Two weeks ago I was thinking about potential realignment in US political parties, and how I should first evaluate what it is that I would like to see out of our political system. I have seen some related articles in the last few weeks, asking what might come out of such a potential realignment that seems to be staring down America. If Trump wins the Republican nomination, and the more establishment Republicans flee in horror, what is it that the Democratic party would attempt to do in the general election? Appeal to the establishment Republicans, or follow through with Bernie's appeal to the working class?
Trump supporters, not that I particularly understand them, but most of what I have read describes them as primarily working class people who are pissed off that the economic system has deserted them. Of course, there is a good share of bigotry, xenophobia, and anti-intellectualism walking hand-in-hand with that economic insecurity, and that puts them in a rather different camp than Bernie supporters. Still, there are at least a few similarities, in so much as "the system is broken" is a similarity.
Personally, I would hope we do not have to make that choice. Why you can't both support the cosmopolitan intellectuals and the poor? Are these really the wedges that are opening in the American political parties?
That question might be too open ended. If I can dream of a political system, I can dream of all humans being intelligent, foresighted, empathetic, etc. Sadly, that's not that likely to occur. If I were instead to imagine what I want out of a political party, that is perhaps more productive, but immediately concedes to cynicism. Politics is tribal. As much as we would like it to simply be about the best way to organize the government and associated economics and so forth, it is as much about dividing into camps, and fighting the other side.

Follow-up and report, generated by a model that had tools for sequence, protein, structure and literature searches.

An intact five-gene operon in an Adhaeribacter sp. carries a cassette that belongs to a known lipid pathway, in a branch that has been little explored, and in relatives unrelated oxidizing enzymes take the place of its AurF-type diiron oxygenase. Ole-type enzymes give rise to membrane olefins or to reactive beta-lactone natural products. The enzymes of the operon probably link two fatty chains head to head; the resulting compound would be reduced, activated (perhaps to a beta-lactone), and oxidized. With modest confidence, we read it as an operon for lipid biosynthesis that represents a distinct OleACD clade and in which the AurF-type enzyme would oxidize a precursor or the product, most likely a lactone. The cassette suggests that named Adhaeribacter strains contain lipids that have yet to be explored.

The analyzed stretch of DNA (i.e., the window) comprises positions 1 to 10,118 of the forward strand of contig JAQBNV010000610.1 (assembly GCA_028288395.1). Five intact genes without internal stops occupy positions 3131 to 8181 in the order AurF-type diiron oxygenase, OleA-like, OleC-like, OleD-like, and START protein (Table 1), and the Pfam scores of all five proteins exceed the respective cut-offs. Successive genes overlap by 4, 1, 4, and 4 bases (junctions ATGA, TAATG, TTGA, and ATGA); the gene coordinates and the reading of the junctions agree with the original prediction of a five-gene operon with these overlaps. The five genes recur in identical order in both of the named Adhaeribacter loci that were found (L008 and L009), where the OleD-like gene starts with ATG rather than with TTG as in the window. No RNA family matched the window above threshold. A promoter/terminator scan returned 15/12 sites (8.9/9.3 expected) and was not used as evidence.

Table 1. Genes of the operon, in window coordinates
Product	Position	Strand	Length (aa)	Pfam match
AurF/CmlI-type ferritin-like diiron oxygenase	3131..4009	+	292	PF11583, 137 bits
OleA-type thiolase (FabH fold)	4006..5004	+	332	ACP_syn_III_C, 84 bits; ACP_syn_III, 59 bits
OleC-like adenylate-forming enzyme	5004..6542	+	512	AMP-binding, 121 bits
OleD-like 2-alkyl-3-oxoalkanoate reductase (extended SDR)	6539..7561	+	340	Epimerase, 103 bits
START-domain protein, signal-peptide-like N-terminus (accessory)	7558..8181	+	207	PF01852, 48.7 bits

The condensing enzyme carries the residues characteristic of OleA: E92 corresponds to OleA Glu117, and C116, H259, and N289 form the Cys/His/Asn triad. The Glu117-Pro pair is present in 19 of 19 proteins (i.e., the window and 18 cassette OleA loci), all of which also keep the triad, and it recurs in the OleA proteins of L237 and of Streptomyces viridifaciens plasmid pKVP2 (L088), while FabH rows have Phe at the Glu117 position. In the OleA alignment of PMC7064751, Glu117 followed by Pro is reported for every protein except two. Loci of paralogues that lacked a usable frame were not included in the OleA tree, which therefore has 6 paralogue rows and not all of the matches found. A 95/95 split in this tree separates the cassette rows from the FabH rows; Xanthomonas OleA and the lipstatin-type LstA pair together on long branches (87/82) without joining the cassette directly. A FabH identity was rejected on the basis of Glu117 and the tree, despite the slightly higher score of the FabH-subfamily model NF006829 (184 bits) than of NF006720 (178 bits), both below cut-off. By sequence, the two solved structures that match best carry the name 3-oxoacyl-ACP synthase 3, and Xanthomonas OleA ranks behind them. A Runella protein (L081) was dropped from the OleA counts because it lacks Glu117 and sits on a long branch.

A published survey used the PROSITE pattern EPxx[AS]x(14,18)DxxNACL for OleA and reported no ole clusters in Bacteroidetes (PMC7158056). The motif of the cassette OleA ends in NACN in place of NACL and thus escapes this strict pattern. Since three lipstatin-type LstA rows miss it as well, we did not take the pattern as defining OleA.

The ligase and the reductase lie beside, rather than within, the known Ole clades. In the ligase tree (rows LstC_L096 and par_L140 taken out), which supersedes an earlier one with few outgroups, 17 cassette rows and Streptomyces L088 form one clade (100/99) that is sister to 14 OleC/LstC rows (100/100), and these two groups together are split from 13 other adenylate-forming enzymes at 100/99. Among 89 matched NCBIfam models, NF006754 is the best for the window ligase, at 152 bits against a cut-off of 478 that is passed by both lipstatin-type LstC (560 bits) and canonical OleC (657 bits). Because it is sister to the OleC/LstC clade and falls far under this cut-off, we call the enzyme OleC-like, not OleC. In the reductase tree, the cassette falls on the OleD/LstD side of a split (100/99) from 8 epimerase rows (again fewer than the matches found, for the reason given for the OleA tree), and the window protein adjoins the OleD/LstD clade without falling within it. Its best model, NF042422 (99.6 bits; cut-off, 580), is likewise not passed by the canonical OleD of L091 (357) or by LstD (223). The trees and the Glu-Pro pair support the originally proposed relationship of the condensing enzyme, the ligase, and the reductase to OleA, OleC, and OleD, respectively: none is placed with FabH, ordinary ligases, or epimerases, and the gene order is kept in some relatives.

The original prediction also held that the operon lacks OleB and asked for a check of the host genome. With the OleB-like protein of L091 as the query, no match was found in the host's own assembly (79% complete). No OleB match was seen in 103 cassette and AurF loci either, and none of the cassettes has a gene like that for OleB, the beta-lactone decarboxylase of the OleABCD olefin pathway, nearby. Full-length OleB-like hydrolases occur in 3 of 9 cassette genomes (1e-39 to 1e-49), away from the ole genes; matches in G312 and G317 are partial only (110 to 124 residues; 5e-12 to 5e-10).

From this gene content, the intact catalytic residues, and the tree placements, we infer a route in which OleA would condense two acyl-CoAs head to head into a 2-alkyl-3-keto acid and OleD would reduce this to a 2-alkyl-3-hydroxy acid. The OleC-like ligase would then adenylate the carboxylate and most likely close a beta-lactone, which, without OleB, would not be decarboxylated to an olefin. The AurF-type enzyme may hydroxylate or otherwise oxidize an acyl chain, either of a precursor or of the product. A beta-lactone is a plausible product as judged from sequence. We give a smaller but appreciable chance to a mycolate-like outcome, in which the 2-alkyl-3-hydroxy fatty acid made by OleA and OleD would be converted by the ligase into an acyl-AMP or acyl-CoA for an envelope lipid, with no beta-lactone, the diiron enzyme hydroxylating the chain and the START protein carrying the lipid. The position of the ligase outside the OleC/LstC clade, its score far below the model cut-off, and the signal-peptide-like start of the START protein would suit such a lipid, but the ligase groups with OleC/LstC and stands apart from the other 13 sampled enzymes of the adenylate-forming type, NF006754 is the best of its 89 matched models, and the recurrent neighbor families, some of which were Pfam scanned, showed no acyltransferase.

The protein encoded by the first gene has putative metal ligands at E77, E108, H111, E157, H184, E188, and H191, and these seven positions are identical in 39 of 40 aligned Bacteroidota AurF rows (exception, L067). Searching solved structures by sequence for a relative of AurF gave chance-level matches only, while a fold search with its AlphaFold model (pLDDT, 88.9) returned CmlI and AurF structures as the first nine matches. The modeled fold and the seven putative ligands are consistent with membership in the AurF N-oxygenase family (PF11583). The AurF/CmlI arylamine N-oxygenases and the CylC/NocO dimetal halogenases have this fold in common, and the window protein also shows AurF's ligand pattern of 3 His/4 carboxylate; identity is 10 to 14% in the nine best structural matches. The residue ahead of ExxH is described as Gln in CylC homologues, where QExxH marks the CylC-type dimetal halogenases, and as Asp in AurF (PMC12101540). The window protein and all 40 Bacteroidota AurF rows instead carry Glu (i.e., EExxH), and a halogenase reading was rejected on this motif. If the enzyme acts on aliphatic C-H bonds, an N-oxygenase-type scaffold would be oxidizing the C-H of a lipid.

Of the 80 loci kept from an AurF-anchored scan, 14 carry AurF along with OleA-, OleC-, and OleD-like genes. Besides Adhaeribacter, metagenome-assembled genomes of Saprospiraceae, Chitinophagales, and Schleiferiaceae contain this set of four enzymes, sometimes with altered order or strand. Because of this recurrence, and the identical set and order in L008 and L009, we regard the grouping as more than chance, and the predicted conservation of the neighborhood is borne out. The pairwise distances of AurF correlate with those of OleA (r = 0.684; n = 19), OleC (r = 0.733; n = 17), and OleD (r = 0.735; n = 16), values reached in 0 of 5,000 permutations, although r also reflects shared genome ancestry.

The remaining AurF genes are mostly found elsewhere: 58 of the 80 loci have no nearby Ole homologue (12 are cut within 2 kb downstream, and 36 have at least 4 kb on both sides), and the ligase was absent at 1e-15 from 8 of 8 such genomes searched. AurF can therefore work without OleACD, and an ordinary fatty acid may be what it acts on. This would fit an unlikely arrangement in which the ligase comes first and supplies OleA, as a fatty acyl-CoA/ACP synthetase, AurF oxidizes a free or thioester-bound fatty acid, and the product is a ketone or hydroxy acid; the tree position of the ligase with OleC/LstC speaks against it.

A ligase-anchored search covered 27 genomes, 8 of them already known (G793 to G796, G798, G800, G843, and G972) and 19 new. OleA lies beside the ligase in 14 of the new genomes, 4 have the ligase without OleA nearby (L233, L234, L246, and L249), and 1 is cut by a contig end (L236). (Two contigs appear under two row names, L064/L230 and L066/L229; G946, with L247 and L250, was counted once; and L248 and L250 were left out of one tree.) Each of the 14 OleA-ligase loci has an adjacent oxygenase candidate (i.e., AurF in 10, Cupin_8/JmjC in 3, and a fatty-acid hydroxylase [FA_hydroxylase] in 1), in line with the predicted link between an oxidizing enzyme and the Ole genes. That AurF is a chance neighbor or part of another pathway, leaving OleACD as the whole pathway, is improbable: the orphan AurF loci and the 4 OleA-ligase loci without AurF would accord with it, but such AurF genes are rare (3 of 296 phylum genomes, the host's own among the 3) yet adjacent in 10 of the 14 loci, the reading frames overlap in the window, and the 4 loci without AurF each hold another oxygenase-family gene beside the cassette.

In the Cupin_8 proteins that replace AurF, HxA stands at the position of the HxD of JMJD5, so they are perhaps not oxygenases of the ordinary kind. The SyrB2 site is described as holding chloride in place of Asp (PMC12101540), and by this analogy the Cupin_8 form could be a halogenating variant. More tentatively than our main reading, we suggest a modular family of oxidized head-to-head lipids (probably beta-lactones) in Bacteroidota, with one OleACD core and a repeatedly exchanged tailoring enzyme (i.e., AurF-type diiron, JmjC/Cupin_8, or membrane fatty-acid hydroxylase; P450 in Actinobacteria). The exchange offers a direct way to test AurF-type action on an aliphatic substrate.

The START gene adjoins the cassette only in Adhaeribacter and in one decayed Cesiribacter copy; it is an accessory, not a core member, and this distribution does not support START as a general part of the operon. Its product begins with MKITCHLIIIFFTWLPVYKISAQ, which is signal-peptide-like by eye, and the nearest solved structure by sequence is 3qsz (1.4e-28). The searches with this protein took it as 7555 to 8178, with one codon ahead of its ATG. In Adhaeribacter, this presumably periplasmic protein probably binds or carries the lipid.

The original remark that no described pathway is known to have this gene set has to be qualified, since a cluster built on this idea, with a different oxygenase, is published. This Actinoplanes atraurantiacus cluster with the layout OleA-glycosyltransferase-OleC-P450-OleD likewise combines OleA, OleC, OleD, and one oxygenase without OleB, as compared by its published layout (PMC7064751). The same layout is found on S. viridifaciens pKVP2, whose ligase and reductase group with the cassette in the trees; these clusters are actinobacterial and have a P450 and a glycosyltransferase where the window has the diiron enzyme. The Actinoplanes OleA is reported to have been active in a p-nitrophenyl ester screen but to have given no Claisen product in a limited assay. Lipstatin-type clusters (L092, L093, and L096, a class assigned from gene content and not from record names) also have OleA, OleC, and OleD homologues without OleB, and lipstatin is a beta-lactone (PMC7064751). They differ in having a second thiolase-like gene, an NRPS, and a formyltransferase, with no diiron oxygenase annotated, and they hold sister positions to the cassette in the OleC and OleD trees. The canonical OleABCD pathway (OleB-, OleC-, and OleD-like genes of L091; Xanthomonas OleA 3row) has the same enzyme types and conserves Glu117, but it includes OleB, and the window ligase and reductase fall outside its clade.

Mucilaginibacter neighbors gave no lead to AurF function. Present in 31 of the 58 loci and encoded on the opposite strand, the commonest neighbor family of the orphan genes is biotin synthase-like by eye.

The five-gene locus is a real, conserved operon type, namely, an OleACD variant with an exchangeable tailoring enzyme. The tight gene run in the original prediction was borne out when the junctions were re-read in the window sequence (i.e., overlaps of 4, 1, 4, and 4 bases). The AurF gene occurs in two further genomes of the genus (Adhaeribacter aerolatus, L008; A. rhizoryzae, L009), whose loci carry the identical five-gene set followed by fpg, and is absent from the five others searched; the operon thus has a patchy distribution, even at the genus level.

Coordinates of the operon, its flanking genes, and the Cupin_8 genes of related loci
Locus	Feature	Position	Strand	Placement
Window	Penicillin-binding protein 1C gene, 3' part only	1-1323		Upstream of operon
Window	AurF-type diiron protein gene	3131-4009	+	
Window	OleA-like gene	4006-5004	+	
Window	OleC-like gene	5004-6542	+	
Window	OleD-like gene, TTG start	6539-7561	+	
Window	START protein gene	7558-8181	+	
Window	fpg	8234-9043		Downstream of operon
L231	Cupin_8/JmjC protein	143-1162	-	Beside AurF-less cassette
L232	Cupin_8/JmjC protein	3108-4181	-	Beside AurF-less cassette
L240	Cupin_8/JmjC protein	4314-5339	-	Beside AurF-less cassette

To get back to my earlier question, what exactly is it that I want?
As Ray Smuckles said about his political stance, "People want to eat some fuckin' dinner and have some fuckin' money! What the fuck do you think gettin' up in the morning is about?!"
I can empathize, despite being lucky to be well off, a tech worker in 2016 San Francisco. Hard to complain, but, still, things seem askew. For many of my friends, 20 and 30 somethings, with no kids, making well into six figure salaries, the idea of owning property is laughable. That, in large part, can be blamed on local politics. In the grand scheme of things it is hard to complain, but still, far from ideal.
Speaking of wanting a narrative, what might it be? Blanket libertarianism is a horribly broken approach to the economy, but of course there are a number of economic or business laws and regulations that are awful for the public. Democrats pay some service to this idea, but I have yet to see a cohesive plan or argument made with it. Republicans are much louder in making this argument, but to no significant effect that I have ever seen. Mostly they bankrupt whatever state they gain control of. Both sides support the regulations that benefit their side of the aisle and attack the other's.
The political system is corrupt, in that it is often encouraging these inefficient laws. When writing the laws, legislators pay more attention to the lobbyists surrounding them then to the people. So, yes. I want electoral reform, campaign finance reform. All the stuff Lawrence Lessig is campaigning for.
Where is the leftist critique of bureaucracy?
So, what do I want?
I want a functional, fair, and non-corrupt political system.
I want acknowledgement of, and attempt to fix, the lack of fairness in our economy and our culture. We benefit the wealthy, the white, the male, and have been exploiting those not in that group since the founding of America. I would like at the very least an equality of opportunity, which should be a self-evident goal, but seems laughably distant at the moment.
I want a support of intellectualism, a willingness to support testing ideas and to defend them with evidence.
I would like to not worry that we are plunging towards future disaster, brought about by the shortsighted, greedy, and willfully ignorant. My main concerns with regard to this are climate change, resource depletion, and over population.
So, yes. Find me a political that supports the above and I'll be for it.